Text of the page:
Masters Theses

Date of Award


Degree Type


Degree Name

Master of Science


Plant, Soil and Environmental Sciences

Major Professor

Wayne J. McLaurin

Committee Members

David L. Coffey, Dennis E. Deyton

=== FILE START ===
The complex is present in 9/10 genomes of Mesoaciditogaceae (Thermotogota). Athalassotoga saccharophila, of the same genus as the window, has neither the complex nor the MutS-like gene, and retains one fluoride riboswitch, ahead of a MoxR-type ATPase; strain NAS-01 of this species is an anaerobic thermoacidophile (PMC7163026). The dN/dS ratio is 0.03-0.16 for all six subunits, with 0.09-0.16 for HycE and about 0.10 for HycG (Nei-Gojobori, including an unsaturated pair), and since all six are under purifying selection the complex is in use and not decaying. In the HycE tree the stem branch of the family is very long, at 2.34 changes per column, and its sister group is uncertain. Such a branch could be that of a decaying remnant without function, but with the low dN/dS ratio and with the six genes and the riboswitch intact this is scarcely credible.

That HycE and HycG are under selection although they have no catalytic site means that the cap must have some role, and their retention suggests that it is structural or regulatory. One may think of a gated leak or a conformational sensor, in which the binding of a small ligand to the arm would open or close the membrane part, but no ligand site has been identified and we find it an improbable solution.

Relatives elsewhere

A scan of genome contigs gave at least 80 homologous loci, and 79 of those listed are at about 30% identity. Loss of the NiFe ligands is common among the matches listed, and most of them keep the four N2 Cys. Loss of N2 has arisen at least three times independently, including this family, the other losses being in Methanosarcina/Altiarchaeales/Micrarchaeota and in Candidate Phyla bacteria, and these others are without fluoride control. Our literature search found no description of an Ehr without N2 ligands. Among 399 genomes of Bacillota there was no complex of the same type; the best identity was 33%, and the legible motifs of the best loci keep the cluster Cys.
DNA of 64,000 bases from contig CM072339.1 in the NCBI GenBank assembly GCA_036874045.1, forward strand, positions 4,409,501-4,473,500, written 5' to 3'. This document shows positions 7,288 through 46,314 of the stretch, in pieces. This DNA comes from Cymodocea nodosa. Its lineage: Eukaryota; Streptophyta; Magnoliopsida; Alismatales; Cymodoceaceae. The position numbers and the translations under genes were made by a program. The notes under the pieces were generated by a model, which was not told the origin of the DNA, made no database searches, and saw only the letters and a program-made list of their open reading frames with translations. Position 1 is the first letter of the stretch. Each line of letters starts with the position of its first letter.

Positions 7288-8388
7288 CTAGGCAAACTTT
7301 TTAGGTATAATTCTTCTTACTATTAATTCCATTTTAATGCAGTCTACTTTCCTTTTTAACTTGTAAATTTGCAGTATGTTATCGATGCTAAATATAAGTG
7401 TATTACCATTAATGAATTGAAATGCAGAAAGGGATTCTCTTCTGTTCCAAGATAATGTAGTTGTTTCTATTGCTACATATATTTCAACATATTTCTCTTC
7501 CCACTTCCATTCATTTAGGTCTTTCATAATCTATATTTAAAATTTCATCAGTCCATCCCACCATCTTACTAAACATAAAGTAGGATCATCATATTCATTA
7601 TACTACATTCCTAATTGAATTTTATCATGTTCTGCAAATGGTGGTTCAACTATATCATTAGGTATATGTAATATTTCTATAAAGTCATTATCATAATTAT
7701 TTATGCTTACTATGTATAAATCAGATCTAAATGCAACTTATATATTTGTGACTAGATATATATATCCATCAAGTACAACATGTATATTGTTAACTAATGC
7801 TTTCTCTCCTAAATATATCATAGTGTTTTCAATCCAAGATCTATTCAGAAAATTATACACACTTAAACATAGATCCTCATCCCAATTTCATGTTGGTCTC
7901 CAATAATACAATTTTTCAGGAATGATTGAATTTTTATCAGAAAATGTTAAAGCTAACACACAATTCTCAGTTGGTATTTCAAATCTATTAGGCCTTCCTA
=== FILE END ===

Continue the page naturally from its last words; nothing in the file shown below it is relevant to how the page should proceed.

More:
Field experiments were conducted at Fayetteville and Knoxville, Tennessee to (1) provide information on seasonal growth patterns and growth characteristics of 'Centennial' and 'Jewel' sweet potatoes, (2) compare growth characteristics and marketable yield between vertically and horizontally orienting slips of these cultivars at planting, and (3) determine alternate methods for measuring leaf area of sweet potato plants. Treatments consisted of 'Centennial' and 'Jewel' each having vertical and horizontal slip orientations. Treatments were arranged in a split plot design and were replicated eight times. Vertically oriented 'Centennial' plants produced a higher per-centage of number one grade roots and a greater marketable yield than horizontally oriented plants of the same cultivar. Plant orientation appeared to have little or no effect on grade or marketable yield of 'Jewel.' Generally, horizontally oriented slips of 'Centennial' and ver-tically oriented slips of 'Jewel' maintained larger leaf areas, more roots per plant and greater root dry matter accumulation than the other planting orientation of the respective cultivar. Dry matter accumulation by both cultivars began as early as 30 days from planting and by 60 days one-third of the total root dry matter accumulation for the season had occurred. An inverse relation-ship was found between stem growth rate and root growth rate; as one increased the other slowed. Horizontally oriented slips of both culti-vars had larger diameter developing roots at most harvest dates than vertically oriented plants. No difference in plant survival between slip orientations was observed. Relatively strong correlations were obtained between root dry matter accumulation and mean developing root diameter and between root dry matter accumulation and stem dry weight for each cultivar. For both cultivars, weaker correlations were found between number of devel-oping roots per plant and root dry matter accumulation and between num-ber of developing roots and mean developing root diameter. Methods based on the midvein length and fresh weight were found to correlate highly with an automatic area meter (Hayashi Denko, Model AAM-5) for determing leaf area.

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